At 425 basis points (bp) over the equivalent rate of European swap transactions, the Eur 500 million ($497 million) bond was priced above the 350-400 bp initially targeted by Iran’s Bank Markazi (central bank), but below the range suggested by some European bankers. The heavily oversubscribed paper has a maturity of five years and carries a coupon of 8.75 per cent.
Sources close to the deal say that the subscriber base was almost evenly split between regional and European investors. However, with 53 per cent of the paper placed in the Middle East, 42 per cent in Europe and 5 per cent in Asia, Iran failed to attract the targeted 50-66 per cent of European subscribers.
‘If this split is indeed the case, that is not what Iran was looking for,’ says a London-based banker. ‘But a more concerted European involvement would have required a better pricing.’
Within Europe, UK institutions absorbed the largest share of the paper at 15 per cent, followed by German investors at 11 per cent and Swiss investors at 8 per cent. The remainder was taken up by investors in France and the Benelux states.
A source close to the deal says that a wide range of institutions, including banks, investment funds, insurance companies and asset managers, invested in the bond. Among European investors that signed up for the paper were fund managers Deutsche Asset Managementand Union Investment.
Bankers say Iran had aimed to attract the largest possible European investor base in order to establish a benchmark for future sovereign bond and corporate bond issues.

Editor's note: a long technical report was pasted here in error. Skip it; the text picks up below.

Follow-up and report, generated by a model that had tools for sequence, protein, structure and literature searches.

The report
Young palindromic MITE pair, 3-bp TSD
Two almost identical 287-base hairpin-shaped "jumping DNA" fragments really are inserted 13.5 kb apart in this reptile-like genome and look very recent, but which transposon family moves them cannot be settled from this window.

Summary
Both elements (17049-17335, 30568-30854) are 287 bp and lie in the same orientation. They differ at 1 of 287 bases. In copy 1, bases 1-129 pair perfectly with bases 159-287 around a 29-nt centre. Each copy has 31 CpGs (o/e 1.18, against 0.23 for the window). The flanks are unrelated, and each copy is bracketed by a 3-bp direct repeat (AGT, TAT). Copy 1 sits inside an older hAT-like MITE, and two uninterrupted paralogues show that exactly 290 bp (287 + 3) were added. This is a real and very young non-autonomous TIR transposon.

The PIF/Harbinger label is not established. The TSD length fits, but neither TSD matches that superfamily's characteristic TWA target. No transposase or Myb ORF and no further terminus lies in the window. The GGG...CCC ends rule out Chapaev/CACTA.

Major European banks not buying into the bond said that their absence from the deal was not related to US threats against Iran, but mostly due to pricing considerations.
‘One would have expected a different pricing,’ says Dominique Audin from Pictet Asset Management. ‘The political risk involved is certainly difficult to price, but we would have expected them to be more on the generous side. Given the choice between paper from the Ukraine, which is rated B, trading at 600 bp, and the Iranian bond, at about 400 bp, I would choose the Ukraine.’
The 11 co-arranging banks on the deal were Arab Bank, Arab Banking Corporation, Emirates Bank International, Gulf International Bank, National Bank of Dubai, Qatar National Bank, The Arab Investment Company, Credit Agricole Indosuez, Hypovereinsbank, Standard Chartered Bankand Standard Bank.
The bond launch was followed by London-based rating agency Fitchassigning a B+ rating with a stable outlook to the paper. Fitch says that Iran’s main assets are the positive external debt figure and the country’s position as a large net external creditor. Fitch also alludes to positive steps in the economic reform process.
However, the rating agency maintains that ‘the sovereign ratings are constrained primarily by the interaction of complex international and domestic political developments. Although US views on Iran are not necessarily shared by other members of the international community, Fitch believes they are a significant element of Iran’s international risk profile.’
Fitch in May assigned a B+ sub-investment-grade, long-term foreign currency rating to Iran (MEED 17:5:02).
In an unprecedented move, the only other agency to rate the country, US-based Moody’s Investors Service, withdrew its sub-investment-grade B2 rating in May due to US government pressure (MEED 7:6:02).